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Woman in her 70s gives birth in India

16 May 2016
Appeared in BioNews 851

A woman believed to be around 72 years old has given birth to a baby boy in India, following IVF treatment.

Daljinder Kaur and her husband Mohinder Singh Gill, who is 79, received IVF at the National Fertility Centre in Haryana state. The doctor treating the couple, Dr Anurag Bishnoi, explained how he was originally reluctant to treat Kaur because he thought she looked 'weak', but that he changed his mind after seeing her determination and checking her health and fitness levels.

Dr Bishnoi said that he did not consider a woman's age important when considering who should receive IVF, stating: 'I am only concerned with their pre- and post-pregnancy health. In this part of the world, couples without children don't feel part of the society. It has terrible consequences on a couple's place in their community.'

He said that women had a 'fundamental right' to become a mother: 'My point is, if you put a restriction [on receiving IVF] of 45 or 50 years, you will have to put a restriction on the males also. If they are talking about ethics, the [age] should be the same for both.'

There is no upper age limit for IVF treatment in India, although the Indian Council of Medical Ethics, which receives state funding, recommends an upper age limit of 50 years when implanting embryos into women. A bill to regulate assisted reproductive technologies has been pending for several years but has recently been narrowed down to deal with surrogacy, reports The Asian Age, with a revised bill currently being considered by ministers. Dr Bishnoi has called for IVF in India to be self-regulated.

Although Kaur's exact date of birth is not known, if reports of her age are accurate she will have become the world's oldest woman to give birth. In 2006, Maria del Carmen Bousada Lara from Spain gave birth following IVF at the age of 66. She died from cancer three years later (see BioNews 517).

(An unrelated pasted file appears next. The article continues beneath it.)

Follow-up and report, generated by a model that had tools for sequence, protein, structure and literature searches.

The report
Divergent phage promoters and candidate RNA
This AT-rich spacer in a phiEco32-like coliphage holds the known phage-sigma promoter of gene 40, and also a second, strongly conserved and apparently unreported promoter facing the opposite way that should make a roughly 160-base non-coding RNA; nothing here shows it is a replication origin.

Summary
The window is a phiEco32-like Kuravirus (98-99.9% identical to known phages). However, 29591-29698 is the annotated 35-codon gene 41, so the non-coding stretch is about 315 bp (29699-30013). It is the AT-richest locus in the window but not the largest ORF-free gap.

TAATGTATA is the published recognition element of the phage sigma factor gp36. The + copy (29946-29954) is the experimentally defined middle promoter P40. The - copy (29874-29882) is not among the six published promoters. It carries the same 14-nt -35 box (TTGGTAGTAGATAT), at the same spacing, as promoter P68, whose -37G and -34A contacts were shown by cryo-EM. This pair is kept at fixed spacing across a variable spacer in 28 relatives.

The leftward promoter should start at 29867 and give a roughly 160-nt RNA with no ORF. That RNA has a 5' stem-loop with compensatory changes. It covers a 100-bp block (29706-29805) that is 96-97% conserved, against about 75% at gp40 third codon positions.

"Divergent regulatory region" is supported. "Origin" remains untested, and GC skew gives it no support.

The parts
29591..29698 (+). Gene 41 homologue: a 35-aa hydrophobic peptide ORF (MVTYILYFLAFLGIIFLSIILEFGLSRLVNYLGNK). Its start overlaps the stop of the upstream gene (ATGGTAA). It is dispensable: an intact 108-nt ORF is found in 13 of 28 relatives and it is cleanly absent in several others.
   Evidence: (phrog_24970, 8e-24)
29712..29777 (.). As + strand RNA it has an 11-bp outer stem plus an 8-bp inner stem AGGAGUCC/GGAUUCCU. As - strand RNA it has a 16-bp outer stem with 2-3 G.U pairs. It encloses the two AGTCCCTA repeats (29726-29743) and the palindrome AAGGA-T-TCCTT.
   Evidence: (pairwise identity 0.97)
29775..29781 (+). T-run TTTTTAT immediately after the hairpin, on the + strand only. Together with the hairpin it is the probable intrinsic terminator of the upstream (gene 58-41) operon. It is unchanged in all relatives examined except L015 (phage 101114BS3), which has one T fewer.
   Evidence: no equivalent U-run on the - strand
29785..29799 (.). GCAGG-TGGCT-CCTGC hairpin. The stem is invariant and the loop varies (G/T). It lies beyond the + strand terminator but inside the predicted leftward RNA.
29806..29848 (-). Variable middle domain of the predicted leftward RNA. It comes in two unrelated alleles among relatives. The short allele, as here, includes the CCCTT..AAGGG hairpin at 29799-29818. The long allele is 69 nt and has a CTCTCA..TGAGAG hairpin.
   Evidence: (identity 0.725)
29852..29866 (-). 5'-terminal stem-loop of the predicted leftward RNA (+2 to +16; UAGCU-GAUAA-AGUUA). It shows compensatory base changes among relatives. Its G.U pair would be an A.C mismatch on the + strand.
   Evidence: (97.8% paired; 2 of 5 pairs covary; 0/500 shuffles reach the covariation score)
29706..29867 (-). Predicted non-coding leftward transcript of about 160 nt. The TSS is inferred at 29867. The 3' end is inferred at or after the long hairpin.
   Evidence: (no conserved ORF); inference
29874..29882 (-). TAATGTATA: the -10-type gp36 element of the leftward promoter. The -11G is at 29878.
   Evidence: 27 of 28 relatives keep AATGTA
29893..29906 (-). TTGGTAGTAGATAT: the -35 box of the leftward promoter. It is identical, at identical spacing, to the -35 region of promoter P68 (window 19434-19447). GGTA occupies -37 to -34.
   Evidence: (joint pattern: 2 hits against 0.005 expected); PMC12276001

Gynaecologist and obstetrician Dr Kamini Rao told The Guardian that she disagreed with the decision to provide IVF to Kaur and her husband. 'At Kaur's age, the body cannot cope with pregnancy. And even if it does, what will her quality of life be? Will she be able to wake up in the middle of the night to change diapers?'

Dr Rao's comments were echoed by the head of the Indian Society for Assisted Reproduction (ISAR), Dr Narendra Malhotra, who said: 'This child is going to be an orphan in a few years. Just because we can do something doesn't mean we should do it, just to make world records.'

The former president of the ISAR, Dr Hrishikesh Pai told the Australian that the decision to treat Kaur was 'outrageous' and was 'not in the best interests' of the parents or the child. He said the case may hasten the introduction of rules to prevent elderly couples from accessing IVF in India, explaining that current guidelines are not mandatory.

In England and Wales, the National Institute for Health and Care Excellence recommends an upper age limit of 42 years for women receiving NHS funded IVF treatment, with Scotland adopting similar guidelines. Women who are older than this can pay for private treatment, although The Guardian explains that in practice most clinics will only treat women less than 45 years old because of the increased health risks associated with pregnancy and childbirth in older women.

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